After a lifetime of sleeping mostly in blackness like a dark TV screen, I decided last year that I wanted my mind to be active during the night. I had read that opening your mind to dreams would bring them on in a rush of color and light, and I wanted my brain to feel that activity, that animation, that could refresh my creative life. In the moments before sleep overcame me, I welcomed dreams with a mental whisper that gave them permission to light up my mind.

The sleeping kind of dreaming has been a dark experience at times, with images flashing deep in my brain all night long. Some mornings I wake up exhausted from talking to people, some of whom I know and others who are inventions of my tired mind. I pay visits to old dreamscapes, confounding mazes of rooms and scenarios that exist in a world of their own. One night, after listening to radio stories of police brutality, the dreams turned graphic, violent. Another night, while dreaming lucidly, I cleaned out my dream refrigerator and cooked for my friends. But my brain felt alive in a way that it hasn’t in years. My sense of self grew more cohesive, intentional, focused. I slept more deeply, entangled in those dreams, and fell asleep more quickly as they provided a solid place to land while falling asleep.

But there’s been the waking kind of dreaming, too, while scrolling through apartments on Craigslist. I stare at maps of Charlottesville, zooming in on purple dots and redecorating empty rooms in my mind. I envision the shared office space that I may need to rent, or create. I make note of storytelling classes I want to take and interviews I want to conduct to balance the solitude that comes with a writing life. I wonder what gym I will join and hope that I won’t end up paying what some friends call a “fat tax” – an unused gym membership that thins a bank account while a body remains unexercised. I sit quietly, thinking of what it would be like to live in a house that doesn’t let winter gusts in through thin windows, far away from the shouts and smashes of drunken herds of college students roaming after nightfall. I dream of what it will feel like to hold my written, edited, printed, and bound thesis, and what it will be like to cringe next year while flipping through this early attempt at scholarship. I hope that I will cringe. I want my writing to get better.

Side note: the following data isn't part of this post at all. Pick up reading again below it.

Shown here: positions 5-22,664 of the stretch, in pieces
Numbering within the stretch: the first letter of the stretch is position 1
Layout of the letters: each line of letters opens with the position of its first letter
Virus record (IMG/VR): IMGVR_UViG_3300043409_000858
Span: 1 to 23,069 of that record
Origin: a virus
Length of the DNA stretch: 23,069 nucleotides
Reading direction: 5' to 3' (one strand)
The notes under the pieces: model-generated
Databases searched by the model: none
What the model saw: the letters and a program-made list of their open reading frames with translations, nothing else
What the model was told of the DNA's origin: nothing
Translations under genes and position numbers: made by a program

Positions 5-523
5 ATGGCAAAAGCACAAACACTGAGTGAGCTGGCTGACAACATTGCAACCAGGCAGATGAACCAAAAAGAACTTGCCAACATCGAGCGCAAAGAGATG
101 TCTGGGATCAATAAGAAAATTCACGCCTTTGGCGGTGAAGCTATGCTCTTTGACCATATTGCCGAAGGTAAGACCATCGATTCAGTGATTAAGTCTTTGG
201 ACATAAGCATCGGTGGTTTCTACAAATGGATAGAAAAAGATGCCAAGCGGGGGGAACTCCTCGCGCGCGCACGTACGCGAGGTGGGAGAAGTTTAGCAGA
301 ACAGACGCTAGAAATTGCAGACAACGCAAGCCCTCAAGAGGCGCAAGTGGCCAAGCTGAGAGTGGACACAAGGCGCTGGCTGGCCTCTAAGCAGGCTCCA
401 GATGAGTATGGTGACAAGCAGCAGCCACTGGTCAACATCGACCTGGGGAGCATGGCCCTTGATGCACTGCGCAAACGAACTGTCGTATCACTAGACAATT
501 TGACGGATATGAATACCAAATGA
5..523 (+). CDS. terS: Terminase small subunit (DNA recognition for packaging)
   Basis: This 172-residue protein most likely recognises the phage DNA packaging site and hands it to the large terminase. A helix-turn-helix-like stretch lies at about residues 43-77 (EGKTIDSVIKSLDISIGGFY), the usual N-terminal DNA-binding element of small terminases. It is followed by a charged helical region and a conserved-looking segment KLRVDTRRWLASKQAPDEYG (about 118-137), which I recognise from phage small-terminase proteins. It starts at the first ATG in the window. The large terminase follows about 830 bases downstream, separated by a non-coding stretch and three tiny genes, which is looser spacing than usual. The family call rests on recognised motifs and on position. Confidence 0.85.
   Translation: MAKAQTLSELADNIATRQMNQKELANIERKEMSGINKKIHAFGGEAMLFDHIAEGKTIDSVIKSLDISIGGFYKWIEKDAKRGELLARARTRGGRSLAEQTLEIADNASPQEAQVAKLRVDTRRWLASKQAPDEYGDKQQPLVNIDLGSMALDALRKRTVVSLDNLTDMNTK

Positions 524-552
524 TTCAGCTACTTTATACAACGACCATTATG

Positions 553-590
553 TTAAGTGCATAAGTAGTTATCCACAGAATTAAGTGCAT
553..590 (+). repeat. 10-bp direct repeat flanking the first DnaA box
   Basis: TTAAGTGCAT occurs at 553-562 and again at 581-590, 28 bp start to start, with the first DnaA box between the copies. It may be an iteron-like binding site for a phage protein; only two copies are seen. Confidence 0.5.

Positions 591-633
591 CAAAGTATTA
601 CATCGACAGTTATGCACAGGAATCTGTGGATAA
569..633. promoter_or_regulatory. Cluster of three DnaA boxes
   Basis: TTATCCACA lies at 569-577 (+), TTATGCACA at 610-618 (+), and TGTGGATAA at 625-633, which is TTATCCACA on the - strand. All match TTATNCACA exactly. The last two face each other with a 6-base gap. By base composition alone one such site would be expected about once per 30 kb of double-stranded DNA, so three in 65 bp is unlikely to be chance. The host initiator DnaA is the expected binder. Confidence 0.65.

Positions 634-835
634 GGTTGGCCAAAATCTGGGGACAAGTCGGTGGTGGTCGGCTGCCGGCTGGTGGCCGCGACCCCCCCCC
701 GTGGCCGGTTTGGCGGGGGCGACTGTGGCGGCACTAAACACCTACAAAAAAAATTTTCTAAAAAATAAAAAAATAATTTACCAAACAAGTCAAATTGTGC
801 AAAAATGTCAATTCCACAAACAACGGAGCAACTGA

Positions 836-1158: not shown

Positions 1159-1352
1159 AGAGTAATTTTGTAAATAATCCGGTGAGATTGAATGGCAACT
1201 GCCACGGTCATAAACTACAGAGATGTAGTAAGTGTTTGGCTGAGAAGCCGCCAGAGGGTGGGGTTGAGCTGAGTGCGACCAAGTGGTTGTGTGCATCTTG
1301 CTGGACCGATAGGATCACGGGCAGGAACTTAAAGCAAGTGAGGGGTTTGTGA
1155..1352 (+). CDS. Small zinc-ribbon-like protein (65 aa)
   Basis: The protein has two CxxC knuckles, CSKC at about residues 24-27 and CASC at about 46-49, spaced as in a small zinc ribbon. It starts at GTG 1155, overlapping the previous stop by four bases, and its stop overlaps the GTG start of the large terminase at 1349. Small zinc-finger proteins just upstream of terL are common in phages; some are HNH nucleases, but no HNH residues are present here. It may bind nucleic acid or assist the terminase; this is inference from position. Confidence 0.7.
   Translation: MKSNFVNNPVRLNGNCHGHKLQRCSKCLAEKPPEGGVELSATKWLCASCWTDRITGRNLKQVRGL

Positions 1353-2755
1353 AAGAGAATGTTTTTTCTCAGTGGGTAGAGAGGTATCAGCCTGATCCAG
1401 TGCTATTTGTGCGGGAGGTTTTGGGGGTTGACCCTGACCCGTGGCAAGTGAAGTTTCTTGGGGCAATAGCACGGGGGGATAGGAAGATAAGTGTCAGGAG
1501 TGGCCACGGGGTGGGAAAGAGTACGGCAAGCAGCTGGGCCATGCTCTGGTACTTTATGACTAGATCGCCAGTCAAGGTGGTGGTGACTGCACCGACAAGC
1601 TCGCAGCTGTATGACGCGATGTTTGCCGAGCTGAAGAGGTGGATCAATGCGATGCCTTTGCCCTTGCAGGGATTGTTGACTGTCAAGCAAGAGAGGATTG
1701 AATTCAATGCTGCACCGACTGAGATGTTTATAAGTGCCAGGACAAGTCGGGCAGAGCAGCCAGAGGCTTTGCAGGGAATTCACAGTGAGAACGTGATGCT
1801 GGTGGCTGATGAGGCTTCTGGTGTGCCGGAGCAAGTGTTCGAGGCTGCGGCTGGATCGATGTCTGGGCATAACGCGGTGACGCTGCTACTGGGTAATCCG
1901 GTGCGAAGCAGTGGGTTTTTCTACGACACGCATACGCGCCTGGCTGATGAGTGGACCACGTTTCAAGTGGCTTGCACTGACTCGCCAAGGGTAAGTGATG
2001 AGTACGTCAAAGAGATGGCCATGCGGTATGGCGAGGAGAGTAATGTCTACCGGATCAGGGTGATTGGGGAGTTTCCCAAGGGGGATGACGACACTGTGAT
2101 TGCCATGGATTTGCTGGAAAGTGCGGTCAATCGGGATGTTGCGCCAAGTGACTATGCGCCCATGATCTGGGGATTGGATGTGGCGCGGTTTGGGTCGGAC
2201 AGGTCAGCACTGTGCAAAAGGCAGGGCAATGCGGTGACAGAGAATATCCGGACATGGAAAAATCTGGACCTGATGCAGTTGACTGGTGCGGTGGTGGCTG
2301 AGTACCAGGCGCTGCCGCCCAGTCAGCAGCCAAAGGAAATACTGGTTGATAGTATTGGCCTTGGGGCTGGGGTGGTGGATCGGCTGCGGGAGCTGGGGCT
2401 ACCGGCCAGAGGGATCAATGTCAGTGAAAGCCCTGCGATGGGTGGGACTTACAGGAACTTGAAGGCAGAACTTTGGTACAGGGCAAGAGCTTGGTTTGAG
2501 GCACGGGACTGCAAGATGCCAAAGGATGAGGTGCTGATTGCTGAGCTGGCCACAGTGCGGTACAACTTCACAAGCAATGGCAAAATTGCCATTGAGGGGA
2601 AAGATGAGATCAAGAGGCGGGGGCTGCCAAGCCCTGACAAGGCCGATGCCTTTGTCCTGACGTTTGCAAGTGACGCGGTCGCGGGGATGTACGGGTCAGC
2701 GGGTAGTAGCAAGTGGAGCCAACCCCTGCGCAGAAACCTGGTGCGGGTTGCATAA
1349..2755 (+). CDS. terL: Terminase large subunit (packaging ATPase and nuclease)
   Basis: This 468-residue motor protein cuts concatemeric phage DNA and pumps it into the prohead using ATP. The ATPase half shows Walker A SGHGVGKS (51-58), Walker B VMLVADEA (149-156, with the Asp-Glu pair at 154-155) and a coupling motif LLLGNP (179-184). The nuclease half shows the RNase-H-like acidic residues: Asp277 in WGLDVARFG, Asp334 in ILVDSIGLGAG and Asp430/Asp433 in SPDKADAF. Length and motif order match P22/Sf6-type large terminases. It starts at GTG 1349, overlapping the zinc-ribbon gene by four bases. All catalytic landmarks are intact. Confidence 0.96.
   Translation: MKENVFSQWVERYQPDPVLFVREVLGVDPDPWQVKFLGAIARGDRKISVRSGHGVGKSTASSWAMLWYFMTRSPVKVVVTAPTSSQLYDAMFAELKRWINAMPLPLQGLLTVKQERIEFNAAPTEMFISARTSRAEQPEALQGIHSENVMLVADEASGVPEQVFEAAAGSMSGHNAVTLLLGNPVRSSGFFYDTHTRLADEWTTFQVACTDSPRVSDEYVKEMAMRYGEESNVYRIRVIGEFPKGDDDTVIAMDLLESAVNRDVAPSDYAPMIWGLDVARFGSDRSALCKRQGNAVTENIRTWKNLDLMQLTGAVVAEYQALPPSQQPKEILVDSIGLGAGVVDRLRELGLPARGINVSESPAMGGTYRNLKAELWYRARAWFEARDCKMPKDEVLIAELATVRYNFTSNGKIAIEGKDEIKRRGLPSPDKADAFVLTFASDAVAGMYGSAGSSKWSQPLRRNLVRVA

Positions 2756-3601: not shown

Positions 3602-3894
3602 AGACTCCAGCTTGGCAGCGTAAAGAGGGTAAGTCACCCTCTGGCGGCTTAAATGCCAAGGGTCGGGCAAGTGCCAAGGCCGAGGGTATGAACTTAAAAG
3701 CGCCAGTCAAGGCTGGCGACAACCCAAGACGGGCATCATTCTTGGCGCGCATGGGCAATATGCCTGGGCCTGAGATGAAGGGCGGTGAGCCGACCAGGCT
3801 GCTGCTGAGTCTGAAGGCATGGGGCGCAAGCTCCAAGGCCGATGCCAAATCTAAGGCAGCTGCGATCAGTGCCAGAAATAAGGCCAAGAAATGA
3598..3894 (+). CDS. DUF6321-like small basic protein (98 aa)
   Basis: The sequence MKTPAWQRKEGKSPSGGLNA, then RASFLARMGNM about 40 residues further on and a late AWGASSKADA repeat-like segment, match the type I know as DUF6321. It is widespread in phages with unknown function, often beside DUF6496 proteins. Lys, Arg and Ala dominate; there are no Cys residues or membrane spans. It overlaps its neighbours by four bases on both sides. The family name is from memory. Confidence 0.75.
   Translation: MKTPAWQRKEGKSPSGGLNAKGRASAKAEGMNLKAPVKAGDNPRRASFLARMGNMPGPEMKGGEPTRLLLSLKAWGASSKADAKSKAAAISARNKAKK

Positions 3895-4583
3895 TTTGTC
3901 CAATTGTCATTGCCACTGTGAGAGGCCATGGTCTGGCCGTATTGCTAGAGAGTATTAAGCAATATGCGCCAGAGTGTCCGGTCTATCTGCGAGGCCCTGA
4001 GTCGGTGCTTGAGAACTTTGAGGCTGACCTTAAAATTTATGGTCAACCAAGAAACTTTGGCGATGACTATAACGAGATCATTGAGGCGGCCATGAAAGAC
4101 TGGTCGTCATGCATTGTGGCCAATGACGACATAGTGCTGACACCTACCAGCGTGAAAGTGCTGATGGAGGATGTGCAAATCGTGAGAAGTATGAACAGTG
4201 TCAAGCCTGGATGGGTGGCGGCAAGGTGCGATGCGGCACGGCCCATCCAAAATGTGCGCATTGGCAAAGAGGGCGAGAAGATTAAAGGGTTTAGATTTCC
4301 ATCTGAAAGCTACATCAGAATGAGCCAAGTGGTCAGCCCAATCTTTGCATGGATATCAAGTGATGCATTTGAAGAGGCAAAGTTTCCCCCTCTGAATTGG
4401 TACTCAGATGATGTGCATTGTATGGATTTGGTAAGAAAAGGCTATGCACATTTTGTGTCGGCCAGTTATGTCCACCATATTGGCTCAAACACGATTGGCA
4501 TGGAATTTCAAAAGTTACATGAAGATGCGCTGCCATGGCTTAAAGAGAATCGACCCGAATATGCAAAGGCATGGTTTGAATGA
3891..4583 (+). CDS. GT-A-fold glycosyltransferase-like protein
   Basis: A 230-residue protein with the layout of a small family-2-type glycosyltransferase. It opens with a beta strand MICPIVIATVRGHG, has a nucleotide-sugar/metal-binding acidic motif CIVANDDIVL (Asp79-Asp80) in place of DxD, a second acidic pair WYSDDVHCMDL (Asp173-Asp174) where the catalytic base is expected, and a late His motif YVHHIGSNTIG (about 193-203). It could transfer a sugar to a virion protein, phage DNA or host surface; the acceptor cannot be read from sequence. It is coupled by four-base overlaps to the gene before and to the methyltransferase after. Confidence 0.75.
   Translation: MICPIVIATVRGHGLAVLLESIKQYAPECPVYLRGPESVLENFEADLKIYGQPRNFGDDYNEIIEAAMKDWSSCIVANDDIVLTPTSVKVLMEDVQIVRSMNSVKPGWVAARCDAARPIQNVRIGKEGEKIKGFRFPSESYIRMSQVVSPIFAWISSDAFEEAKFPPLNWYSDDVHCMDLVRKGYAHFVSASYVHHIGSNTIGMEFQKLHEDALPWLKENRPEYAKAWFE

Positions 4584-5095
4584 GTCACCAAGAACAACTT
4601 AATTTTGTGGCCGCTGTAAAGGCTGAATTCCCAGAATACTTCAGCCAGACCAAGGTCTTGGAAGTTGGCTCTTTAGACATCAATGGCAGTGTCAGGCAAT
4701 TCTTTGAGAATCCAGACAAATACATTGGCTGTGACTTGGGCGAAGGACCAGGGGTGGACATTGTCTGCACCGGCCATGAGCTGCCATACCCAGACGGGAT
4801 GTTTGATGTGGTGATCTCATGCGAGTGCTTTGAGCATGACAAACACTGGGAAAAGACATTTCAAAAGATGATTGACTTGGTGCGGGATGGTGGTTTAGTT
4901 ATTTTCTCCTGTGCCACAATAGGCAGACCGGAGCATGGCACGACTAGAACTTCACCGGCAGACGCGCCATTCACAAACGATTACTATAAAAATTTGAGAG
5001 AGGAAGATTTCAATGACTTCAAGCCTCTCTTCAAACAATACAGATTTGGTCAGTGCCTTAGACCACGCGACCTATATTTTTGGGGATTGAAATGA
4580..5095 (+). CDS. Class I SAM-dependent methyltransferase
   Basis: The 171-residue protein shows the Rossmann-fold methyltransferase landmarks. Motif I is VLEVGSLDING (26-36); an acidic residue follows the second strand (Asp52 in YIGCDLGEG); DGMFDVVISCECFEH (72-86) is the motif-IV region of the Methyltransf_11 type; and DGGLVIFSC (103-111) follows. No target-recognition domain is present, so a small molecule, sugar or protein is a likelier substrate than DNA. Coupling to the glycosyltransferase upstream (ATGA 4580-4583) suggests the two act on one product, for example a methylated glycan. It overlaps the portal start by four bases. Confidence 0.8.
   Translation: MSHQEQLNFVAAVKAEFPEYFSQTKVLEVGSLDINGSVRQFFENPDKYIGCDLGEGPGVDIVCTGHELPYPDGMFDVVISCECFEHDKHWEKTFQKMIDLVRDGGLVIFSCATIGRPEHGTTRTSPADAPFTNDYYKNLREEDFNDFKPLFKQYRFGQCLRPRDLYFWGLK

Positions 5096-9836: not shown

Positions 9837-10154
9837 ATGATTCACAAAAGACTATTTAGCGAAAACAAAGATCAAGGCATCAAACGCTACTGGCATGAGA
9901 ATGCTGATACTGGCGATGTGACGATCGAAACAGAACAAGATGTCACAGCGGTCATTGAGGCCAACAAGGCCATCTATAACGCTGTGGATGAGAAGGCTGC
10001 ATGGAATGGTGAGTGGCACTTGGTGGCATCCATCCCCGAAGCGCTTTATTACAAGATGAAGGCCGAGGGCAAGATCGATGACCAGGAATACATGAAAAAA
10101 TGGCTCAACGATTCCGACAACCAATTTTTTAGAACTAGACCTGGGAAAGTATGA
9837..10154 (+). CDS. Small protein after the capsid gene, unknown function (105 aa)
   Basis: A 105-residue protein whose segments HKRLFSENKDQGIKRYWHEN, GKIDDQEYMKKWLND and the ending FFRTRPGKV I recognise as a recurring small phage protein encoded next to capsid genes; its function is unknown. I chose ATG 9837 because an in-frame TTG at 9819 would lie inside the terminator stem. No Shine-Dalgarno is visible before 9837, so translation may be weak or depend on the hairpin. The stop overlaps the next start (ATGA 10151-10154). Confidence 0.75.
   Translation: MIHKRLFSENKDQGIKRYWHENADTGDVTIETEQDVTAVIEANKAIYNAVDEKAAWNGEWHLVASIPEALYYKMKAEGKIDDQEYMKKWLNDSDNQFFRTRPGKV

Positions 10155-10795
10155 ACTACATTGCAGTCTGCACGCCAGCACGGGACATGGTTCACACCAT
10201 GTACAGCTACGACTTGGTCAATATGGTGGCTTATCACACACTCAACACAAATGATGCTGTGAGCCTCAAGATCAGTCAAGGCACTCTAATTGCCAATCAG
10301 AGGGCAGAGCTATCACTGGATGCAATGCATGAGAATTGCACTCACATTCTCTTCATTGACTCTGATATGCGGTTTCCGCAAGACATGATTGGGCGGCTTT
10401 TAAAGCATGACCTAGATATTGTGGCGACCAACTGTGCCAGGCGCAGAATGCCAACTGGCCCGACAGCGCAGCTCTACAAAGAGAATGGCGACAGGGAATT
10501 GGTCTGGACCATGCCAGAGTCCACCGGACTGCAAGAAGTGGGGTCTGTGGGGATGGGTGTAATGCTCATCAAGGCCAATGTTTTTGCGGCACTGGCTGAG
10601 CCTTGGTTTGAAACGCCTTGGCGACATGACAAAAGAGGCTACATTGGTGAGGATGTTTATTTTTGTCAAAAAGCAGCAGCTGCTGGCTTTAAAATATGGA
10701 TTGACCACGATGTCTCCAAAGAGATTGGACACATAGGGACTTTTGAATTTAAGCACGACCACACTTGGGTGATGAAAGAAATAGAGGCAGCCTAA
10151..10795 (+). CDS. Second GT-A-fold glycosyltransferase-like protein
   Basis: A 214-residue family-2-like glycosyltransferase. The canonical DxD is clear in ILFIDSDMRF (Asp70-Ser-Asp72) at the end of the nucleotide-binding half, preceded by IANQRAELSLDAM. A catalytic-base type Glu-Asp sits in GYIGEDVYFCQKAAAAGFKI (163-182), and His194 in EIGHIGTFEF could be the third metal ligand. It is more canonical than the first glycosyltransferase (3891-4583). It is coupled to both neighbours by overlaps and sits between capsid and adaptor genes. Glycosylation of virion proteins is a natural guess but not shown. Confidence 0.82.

The nonstop cycle of reading and writing has started to give me brain fog, too. By the end of a long day, I choke out questions and answers while E and I cook dinner. My head feels fuzzy from the strain of too many ideas. Was it Don Delillo who wrote a novel about 9/11, or did he create a database disguised as a novel, and is that what we interface with? Are Clay Shirky and John Unsworth friends or sworn enemies? And how many times do I need to study OHCO before remembering what the acronym stands for? (It stands for Ordered Hierarchy of Content Objects. I just looked it up again.)

My thesis led me straight into the weeds, where my scattered brain struggled to put ideas together. Scraps of information gleaned from haphazard research confused and frazzled me. I’m on the brink of my revision phase, and time is slipping away. Last weekend, I sat down and read everything I’ve written, embarrassed but also relieved to find a few good pearls among the refuse. I wrote a new outline, a focused plan of attack to tame the unruly information that has piled up in Word documents. I’ve got new editors who have helped me to flesh out and frame some of my smaller ideas in articles that will be published soon (you’ll be able to find them on my “Clips” page once links are available).

Somehow, in the midst of all the chaos, I’ve scraped out some time to inhale stories that are becoming lifelines for me. Going to the gym means listening to The American Life for an hour, each lap on the track a little penance for the pleasure of hearing a true story, well-told. I’ve been reading articles on David Carr’s syllabus and eagerly gobbling Taffy Brodesser-Akner’s mini-series “Love in the Time of Bae.” The Manifestation-Station has broken my heart again and again. Copies of The Atlantic have piled up on my bookshelf, and I greedily dream of sprawling in the sand near my grandparents’ beach house in the aftermath of graduation, seeing what the world has been up to while I have been sucked through the whirlpool of job searching and class taking.

I wonder about my waking and sleeping dreams, about how mundane and peculiar they are, and about the cliche tossed at high schoolers and soon-to-be college grads on disposable greeting cards each year. “Follow your dreams,” they instruct us. “Follow your heart.” But how, when dreams and hearts are constantly in flux, and more often than not fixed temporarily on things that, under examination, are weird and confounding?

But then I remind myself that life feels fuller, richer, and more satisfying than ever before now that these dreams have settled in to stay. Weird, confounding, exciting, and strange, they are glimpses into all the things I didn’t know I wanted to examine. They keep me reading, writing, and searching for more.